We have made substantial alterations to au_lookuppn(), and slight alterations to rfscall(), nfs_mount(), nfs_unmount() and copen(). We added two new system calls: one for controlling and querying the added structures in the kernel, and the other for debugging. Finally, we added fields to three major kernel data structures: vnode and vfs structures and the open file table.
A service is named by the combination of its transport service (e.g., TCP), its well-known port number as listed in /etc/services, and an arbitrary string that has meaning to the service. Since we search for an NFS-mountable file system, our RLP request messages contain information such as the NFS transport protocol (UDP ), port number (2049) and service-specific information such as the name of the root of the file system.
Amd operates by mimicking an NFS server. An Amd process is identified to the kernel as the ``NFS server'' for a particular mount point. The only NFS calls for which Amd provides an implementation are those that perform name binding: lookup, readdir, and readlink. Since a file must have its name resolved before it can be used, Amd is assured of receiving control during the first use of any file below an Amd mount point. Amd checks whether the file system mapped to that mount point is currently mounted; if not, Amd mounts it, makes a symbolic link to the mount point, and returns to the kernel. If the file system is already mounted, Amd returns immediately.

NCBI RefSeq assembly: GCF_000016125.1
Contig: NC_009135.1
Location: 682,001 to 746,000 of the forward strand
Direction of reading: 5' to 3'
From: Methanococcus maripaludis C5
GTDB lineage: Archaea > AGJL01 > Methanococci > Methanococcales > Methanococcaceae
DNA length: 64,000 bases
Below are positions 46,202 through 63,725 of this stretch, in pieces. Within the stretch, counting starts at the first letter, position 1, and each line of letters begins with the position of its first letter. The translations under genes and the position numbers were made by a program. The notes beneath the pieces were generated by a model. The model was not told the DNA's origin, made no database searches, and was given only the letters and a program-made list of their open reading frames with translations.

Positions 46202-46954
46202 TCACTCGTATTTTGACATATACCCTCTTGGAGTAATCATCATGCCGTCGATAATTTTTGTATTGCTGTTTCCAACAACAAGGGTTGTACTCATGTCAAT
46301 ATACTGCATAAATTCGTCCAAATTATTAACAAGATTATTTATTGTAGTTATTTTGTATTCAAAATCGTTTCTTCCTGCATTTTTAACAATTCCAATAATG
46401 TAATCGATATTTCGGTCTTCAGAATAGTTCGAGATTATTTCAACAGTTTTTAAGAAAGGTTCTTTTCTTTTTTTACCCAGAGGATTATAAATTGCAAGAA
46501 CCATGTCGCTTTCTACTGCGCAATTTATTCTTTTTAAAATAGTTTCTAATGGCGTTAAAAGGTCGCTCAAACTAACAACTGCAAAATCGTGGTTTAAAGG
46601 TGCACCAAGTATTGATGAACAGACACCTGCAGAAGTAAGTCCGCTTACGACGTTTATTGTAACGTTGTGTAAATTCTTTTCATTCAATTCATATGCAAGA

An example, taken from our environment, of Amd's operation is the following. Suppose /u is designated as the directory in which all user file systems live; Amd services this directory. At startup time, Amd is instructed that the mount point is /n. If any of the three name binding operations mentioned above occurs for any file below /u, then Amd is invoked. Amd consults its maps, which indicate that /u/foo is available on server bar. This file system is then mounted locally at /n/bar/u/foo and /u/foo is made a symbolic link to /n/bar/u/foo. (Placing the server name in the name of the mount point is purely a configuration decision, and is not essential.)
Our work is not dependent on Amd; we use it for convenience. Amd typically controls the (un)mounting of all file systems on the client machines on which it runs, and there is no advantage to our work in circumventing it and performing our own (un)mounts.
Amd does not already possess the capabilities we need, nor is our work a simple extension to Amd. Our work adds at least three major capabilities:
Many systems provide a tool, like nfsstat, that returns timing information gathered by the kernel. However, nfsstat is inadequate because it is not as accurate as our measurements, and provides weighted average response time rather than measured response time. Our method additionally is less sensitive to outliers measures both short-term and long-term performance.